The visual frame then cuts to black before the sounds of cool jazz usher us back into Cold War. We’re still in 1950s Paris, where we find a chic Zula dressed in all black with a pearl necklace onstage under a spotlight singing before a packed house in L’eclipse. The understated visuals here are matched by Zula’s pared-down vocals. She retools the song “Two Hearts,” heard earlier in a booming folk chorus, for the sly, smokier vibes of Parisian jazz. Pawlikowski captures her performance in a 360-degree shot that glides the viewer around the club in sync with Zula’s syrupy voice. The whole tragedy of the Cold War is captured in this fragile sequence. The song’s refrain of “oi, oi, oi” is sung barely above a whisper. Cold War reduces the scale of the whole historical conflict it portrays onto the micro level of its protagonists. This history is retold in a flip-book style via the unrequited wanderings of two musicians in love. We learn that Zula has decided to stay in Paris, where she and Wiktor, in their small, burnt-out apartment, start making jazz records for money. This is where Zula’s talent – far more than in Polish folk music – flourishes. Her musical gifts couldn’t be channeled by the political exigencies behind the Iron Curtain. The spark that Wiktor noticed in her earlier only comes to fruition abroad.
Before long, Zula and Wiktor become thoroughbred performers. They’re invited to swanky Parisian parties, record songs in French, and attract the attention of locals. Several of Ella Fitzgerald’s songs can be heard over their escapades in Paris: “I’ve Got a Crush on You, Sweetie Pie” and “The Man I Love.” Despite all odds, Pawlikowski’s protagonists have ostensibly built a home for themselves abroad. One of Wiktor’s ex-girlfriends, a poet, even explains to Zula the meaning of a metaphor she had used in her verse of time being “killed” by a pendulum. “Time doesn’t matter when you are in love,” she says. Yet Zula’s unfazed expression suggests otherwise. The timing is all wrong for her and Wiktor. Notwithstanding their good fortunes in Paris, the two struggle to make a life for themselves. Constantly smoking and drinking, they are caricatures of Parisian sophisticates, of foreigners pretending to be French. At one point Zula is even mockingly called Édith Piaf. They’re little more than disillusioned émigrés. It’s time that gets in the way of this couple. If nothing else, Cold War suggests just how much couples depend on time; Zula and Wiktor end up on the wrong side of history. So she responds by cutting loose at a night club to Bill Haley’s “Rock around the Clock,” dancing on tables and breaking glass. It’s a go-to-hell send-off to a world that has wronged her (Fig. 4). She heads back to Poland shortly thereafter.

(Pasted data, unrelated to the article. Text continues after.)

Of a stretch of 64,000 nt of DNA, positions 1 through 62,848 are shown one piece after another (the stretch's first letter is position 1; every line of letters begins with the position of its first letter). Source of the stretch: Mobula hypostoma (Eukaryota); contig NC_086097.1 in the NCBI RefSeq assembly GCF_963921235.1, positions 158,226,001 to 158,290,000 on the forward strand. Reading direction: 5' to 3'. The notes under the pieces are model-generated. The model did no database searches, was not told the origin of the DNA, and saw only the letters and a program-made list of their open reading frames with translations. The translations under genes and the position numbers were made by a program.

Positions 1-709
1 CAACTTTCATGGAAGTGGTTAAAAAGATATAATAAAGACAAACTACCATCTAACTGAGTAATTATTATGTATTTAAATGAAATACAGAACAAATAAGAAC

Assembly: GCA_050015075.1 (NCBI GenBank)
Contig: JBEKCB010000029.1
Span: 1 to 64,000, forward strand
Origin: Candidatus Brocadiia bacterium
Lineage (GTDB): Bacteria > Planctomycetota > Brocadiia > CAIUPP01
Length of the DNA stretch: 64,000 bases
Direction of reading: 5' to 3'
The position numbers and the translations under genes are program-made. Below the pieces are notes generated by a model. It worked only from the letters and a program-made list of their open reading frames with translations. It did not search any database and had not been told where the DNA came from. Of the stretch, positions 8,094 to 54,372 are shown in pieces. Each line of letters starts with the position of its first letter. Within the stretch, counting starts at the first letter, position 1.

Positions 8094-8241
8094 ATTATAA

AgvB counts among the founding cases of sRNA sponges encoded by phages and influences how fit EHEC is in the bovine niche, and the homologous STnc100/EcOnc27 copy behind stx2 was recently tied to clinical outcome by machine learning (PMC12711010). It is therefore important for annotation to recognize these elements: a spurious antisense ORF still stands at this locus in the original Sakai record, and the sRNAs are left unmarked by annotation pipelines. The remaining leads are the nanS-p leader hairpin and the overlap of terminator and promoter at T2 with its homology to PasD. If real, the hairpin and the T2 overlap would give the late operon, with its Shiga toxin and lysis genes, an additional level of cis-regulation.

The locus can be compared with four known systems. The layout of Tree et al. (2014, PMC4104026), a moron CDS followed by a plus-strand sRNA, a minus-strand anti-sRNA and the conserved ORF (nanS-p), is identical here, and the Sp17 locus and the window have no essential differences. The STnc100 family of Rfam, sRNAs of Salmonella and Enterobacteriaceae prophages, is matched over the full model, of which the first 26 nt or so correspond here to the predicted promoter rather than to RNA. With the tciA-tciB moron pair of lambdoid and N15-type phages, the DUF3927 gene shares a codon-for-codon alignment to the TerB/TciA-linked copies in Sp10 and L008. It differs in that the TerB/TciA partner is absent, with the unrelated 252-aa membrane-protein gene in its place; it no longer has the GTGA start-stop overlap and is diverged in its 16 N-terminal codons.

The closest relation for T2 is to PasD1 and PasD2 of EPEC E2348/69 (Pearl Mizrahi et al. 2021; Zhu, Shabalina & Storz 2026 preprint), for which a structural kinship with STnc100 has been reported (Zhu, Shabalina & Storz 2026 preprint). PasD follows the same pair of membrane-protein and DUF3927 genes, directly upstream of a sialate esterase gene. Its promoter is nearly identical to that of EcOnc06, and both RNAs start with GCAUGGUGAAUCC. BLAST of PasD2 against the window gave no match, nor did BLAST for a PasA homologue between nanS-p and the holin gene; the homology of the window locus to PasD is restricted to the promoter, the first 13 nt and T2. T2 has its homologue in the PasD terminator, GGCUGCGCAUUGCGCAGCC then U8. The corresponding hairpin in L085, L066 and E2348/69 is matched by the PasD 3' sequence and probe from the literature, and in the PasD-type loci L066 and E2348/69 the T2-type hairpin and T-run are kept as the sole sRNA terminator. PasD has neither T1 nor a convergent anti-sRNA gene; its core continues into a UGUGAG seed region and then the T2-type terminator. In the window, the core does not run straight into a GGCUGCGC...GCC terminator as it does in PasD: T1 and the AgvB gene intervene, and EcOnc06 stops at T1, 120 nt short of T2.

Learning Zula’s fled, Wiktor renounces his French citizenship and tries to follow her, but he’s told that he can’t return because, according to a stodgy diplomat, he stopped “loving” Poland as soon as he abandoned it. The only way Wiktor can reenter is if he renounces his former actions and provides info on his contacts in Paris. He agrees, and Pawlikowski then leaps “back” to Poland in 1959. The viewer finds Zula on a train in a headscarf surrounded by drably dressed passengers. The film picks up right where it left off in the Polish countryside ten years earlier. A caravan of men drive past her outside singing folk songs. Little has changed here; communism did not deliver on its promises. Pawlikowski’s jump cut into the future is actually one into the past. For her part, Zula is walking to a labor camp, where she finds a head-shaven Wiktor, who tells her that he’s received a sentence of fifteen years of hard labor, which, on balance, is a fairly “generous” deal for having betrayed his homeland (Fig. 5). Despite being abolished internationally by the United Nations in 1957, labor camps persisted behind the Iron Curtain as a tool of political reeducation well into the 1960s. Those having wronged the state could learn from their mistakes by working for it. In the camps, Wiktor maims his hands so badly that he loses his ability to play piano. The state gets the last laugh here. For all his misery, though, he’s at peace; he’s back home. Wiktor and Zula then kiss goodbye in an image that proves romance could even flourish in the Gulag.